May Day, or 1 May, has been celebrated as a traditional festival across Europe for hundreds of years. The day was significant as an ancient celebration (a Celtic cross-quarter day) of the halfway point between the spring equinox and the summer solstice. May Day has also long been associated with the struggles for justice at work and the improvement of the lives of working people. For some activists and artists, this was emphasised in the form of eco-socialism and campaigns for land reform.
May is Local and Community History Month. The month exists to increase awareness of local history, promote general history to local communities, and to encourage members of communities to be involved. Local history focuses on a specific geographical place, and often includes the study of the community in the location. Genealogists often find that studying local and community history complements our studies. As family historians, we need to explore the places and communities in which our ancestors resided, worked, and socialised.
National Share-a-Story Month takes place every month to celebrate the power of storytelling. Share-a-Story Month is one of many initiatives of the Federation of Children’s Book Groups. However, it is not just children who relish stories. It is human nature to appreciate the drama, emotion, and narrative of personal and social events. This is certainly true of genealogists: family history is all about telling the stories of our ancestors. In a sense, every month is share-a story month for genealogists.
This talk will focus on the primary sources that anyone researching Scotland should know about. It will look at the National Records of Scotland, the ScotlandsPeople Centre and National Library of Scotland.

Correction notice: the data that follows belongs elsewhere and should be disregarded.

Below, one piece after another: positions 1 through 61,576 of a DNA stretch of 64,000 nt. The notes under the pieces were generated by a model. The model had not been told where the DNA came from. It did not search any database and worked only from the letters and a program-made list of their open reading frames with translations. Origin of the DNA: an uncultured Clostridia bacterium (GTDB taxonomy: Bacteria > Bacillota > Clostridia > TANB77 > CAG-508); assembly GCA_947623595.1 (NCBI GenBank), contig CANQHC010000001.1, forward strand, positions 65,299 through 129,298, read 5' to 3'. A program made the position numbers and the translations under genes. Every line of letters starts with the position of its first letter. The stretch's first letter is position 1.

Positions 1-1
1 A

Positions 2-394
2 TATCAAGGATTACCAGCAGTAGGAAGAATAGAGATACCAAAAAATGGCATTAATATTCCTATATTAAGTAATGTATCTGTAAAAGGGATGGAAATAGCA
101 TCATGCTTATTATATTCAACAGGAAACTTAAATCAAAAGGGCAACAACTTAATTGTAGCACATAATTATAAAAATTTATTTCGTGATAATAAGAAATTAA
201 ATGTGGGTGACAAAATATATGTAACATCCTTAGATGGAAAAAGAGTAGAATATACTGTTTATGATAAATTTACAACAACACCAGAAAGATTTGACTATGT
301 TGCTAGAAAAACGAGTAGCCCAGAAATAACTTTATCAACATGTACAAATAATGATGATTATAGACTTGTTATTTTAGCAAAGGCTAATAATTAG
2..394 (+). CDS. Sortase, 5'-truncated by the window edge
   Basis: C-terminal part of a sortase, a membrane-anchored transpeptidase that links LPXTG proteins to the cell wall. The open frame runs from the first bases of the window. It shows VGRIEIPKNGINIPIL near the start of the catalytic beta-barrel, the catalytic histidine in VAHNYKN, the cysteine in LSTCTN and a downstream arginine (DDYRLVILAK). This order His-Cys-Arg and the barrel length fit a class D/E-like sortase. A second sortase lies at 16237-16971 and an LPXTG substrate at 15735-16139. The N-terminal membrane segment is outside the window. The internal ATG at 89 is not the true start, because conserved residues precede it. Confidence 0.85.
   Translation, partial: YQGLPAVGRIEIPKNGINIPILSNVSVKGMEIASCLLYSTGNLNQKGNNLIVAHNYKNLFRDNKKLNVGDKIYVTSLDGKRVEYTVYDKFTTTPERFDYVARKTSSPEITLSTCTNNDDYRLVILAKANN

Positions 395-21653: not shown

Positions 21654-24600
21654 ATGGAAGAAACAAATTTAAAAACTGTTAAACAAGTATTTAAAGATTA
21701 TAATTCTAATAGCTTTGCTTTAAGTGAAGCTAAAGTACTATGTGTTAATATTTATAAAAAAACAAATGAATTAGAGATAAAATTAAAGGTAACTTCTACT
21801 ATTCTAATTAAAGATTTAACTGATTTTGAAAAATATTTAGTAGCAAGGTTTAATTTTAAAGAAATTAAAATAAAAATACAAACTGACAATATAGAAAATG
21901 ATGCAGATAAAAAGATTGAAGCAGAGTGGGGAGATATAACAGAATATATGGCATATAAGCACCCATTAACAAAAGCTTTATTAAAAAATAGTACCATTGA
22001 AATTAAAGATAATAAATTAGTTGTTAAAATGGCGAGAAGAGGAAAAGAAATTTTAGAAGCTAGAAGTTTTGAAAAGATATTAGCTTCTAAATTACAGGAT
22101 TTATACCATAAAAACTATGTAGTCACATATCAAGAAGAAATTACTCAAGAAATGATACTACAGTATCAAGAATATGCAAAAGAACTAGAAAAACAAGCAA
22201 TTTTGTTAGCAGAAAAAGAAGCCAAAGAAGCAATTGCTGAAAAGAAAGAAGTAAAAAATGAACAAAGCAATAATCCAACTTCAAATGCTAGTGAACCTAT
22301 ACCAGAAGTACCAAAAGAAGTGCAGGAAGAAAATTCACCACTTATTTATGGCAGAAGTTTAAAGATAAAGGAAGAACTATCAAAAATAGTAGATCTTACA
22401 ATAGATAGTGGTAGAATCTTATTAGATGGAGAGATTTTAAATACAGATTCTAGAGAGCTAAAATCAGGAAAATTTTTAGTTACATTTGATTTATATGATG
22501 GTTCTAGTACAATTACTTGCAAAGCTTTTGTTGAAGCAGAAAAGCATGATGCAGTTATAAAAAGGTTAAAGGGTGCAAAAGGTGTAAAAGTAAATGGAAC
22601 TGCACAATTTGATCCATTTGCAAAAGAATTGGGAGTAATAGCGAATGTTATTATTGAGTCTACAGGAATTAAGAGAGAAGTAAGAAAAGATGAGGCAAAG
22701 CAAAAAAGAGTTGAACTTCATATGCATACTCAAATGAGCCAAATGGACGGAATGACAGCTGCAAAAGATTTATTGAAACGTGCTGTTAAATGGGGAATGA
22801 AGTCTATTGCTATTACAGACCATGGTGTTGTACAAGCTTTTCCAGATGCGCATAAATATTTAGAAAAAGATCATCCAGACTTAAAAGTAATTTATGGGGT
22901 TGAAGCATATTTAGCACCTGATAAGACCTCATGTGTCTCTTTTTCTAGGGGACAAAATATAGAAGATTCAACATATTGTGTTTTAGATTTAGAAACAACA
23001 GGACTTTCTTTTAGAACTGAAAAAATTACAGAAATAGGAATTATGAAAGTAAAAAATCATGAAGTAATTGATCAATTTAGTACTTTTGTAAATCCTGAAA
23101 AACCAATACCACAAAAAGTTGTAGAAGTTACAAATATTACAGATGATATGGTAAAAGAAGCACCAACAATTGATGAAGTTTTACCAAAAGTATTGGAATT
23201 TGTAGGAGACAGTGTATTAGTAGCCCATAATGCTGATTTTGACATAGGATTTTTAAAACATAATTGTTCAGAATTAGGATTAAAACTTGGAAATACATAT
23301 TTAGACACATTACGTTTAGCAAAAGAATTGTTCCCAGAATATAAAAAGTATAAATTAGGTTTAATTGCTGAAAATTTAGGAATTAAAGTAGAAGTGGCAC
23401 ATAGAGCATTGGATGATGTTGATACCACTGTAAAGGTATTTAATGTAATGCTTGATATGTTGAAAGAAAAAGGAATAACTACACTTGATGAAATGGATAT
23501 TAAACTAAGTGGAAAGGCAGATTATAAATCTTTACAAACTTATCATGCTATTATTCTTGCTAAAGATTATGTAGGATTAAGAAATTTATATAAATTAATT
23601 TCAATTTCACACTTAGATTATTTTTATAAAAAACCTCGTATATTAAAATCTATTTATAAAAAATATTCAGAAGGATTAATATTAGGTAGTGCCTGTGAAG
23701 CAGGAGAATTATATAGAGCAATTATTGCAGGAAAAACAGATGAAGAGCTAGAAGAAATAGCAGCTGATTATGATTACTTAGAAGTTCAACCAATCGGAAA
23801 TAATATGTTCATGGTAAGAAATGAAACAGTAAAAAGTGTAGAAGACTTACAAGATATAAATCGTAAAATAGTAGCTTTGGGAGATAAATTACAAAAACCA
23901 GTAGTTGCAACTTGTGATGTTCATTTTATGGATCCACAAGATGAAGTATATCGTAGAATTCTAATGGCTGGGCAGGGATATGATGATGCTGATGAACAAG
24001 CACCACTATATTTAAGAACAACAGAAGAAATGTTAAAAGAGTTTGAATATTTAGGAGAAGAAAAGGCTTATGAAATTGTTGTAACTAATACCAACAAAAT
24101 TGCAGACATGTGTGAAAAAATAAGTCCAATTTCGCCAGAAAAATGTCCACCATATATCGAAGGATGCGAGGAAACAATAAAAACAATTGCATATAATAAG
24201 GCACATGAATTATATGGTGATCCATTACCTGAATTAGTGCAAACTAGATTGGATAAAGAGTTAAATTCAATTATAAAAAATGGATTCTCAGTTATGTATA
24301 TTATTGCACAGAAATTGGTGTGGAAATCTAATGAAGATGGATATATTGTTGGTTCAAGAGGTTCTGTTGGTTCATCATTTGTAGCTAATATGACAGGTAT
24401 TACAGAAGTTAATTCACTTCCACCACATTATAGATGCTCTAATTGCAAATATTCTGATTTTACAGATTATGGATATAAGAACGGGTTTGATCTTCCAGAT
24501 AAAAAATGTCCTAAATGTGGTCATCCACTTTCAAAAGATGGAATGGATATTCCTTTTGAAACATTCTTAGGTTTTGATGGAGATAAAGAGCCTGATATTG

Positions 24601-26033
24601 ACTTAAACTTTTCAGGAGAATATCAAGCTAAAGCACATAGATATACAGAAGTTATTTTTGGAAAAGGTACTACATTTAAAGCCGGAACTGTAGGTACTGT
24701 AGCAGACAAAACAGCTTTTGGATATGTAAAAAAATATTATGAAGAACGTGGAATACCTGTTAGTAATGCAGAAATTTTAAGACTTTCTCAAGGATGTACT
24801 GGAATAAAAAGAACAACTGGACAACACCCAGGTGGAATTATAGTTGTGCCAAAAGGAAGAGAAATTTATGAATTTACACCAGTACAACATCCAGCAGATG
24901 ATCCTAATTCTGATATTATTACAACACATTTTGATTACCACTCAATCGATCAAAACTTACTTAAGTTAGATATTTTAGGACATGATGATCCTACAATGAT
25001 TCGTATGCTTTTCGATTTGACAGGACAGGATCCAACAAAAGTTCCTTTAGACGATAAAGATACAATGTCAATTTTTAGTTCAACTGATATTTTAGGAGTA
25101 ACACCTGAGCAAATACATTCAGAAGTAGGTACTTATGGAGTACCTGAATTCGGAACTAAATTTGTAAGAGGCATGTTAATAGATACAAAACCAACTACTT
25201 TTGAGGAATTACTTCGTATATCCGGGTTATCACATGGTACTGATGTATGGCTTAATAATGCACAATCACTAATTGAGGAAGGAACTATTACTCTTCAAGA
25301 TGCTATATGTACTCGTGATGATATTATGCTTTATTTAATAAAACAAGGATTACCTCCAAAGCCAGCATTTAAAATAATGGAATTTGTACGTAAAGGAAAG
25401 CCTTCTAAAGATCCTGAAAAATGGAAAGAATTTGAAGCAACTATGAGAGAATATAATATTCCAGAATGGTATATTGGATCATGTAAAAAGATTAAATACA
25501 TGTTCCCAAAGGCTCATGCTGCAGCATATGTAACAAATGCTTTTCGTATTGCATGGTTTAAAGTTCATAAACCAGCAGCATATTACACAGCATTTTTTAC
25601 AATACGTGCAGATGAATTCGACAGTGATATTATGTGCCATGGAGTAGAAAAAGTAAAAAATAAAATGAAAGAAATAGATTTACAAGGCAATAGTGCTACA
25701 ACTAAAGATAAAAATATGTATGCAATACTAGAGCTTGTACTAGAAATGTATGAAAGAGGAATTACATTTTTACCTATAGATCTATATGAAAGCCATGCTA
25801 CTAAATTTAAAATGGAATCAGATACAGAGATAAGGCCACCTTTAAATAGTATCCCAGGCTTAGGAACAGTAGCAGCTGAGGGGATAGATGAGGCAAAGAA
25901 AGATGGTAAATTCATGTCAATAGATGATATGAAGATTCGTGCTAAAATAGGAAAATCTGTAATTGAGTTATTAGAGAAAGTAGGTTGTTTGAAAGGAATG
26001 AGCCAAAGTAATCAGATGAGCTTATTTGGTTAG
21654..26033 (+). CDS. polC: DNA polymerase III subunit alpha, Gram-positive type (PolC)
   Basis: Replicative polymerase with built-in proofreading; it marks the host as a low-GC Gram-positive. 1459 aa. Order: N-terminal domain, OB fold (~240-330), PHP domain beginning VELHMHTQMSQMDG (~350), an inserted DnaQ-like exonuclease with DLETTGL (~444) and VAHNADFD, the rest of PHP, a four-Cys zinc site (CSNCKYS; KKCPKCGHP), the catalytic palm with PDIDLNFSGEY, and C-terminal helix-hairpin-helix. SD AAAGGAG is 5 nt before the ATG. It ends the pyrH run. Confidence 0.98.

Lorna Kinnaird is a Scottish professional genealogist accredited by ASGRA who has been researching her family since she was 17 years old and for clients professionally since 2012. She runs Dunedin Links Genealogy from her home in Edinburgh.
Researching a family history generates a plethora of documents, photographs, stories and information. What should you do with it all? Learn How to organise, store, conserve and preserve your family tree sources.
This 7-week course on Wednesday evenings looks at how to store and share your family history, how to preserve the documents both physical and digital and how to write the stories which have been uncovered.
Your documented ancestry may only include the humblest classes but you are almost certainly descended from royalty. This talk explains why, taking a light-hearted look at the evidence from genealogy and other disciplines, and introducing you to your cousins - royal, famous, and infamous.
About the speaker: Caroline Gurney is a Qualified Genealogist, house historian and historical researcher, based in Portishead, near Bristol. She is studying for a PhD at Bristol University.
Family history is often seen predominantly as the stories of people who were part of a traditional family unit, married to someone of the opposite gender, raising children and living their lives as ‘normally’ as possible.
But what of the relatives who could not accept that this was the life for them, and were attracted to same sex partners? Gill Rossini is a pioneer of the study of same sex relationships within a family history context.
Our ancestors appeared in many different types of courts – criminal, civil and equity – either as plaintiffs or defendants, criminals or victims.
First introduced in 1538 the Parish registers of the Church of England record baptisms, marriages and burials.
Many of our ancestors lived precarious lives and if they grew old and inform could not work or fell ill or bore illegitimate children they may have become a burden on the community.
Evidence of apprenticeship is more likely in 18th century than at any other time from town freemen records, London guilds, parish pauper apprenticeships and the tax levied on apprentice indentures.
As member you can make the most of our resources, access our experts and find a welcoming community of people interested in family history and genealogy.
We all have roots. Let’s find them together.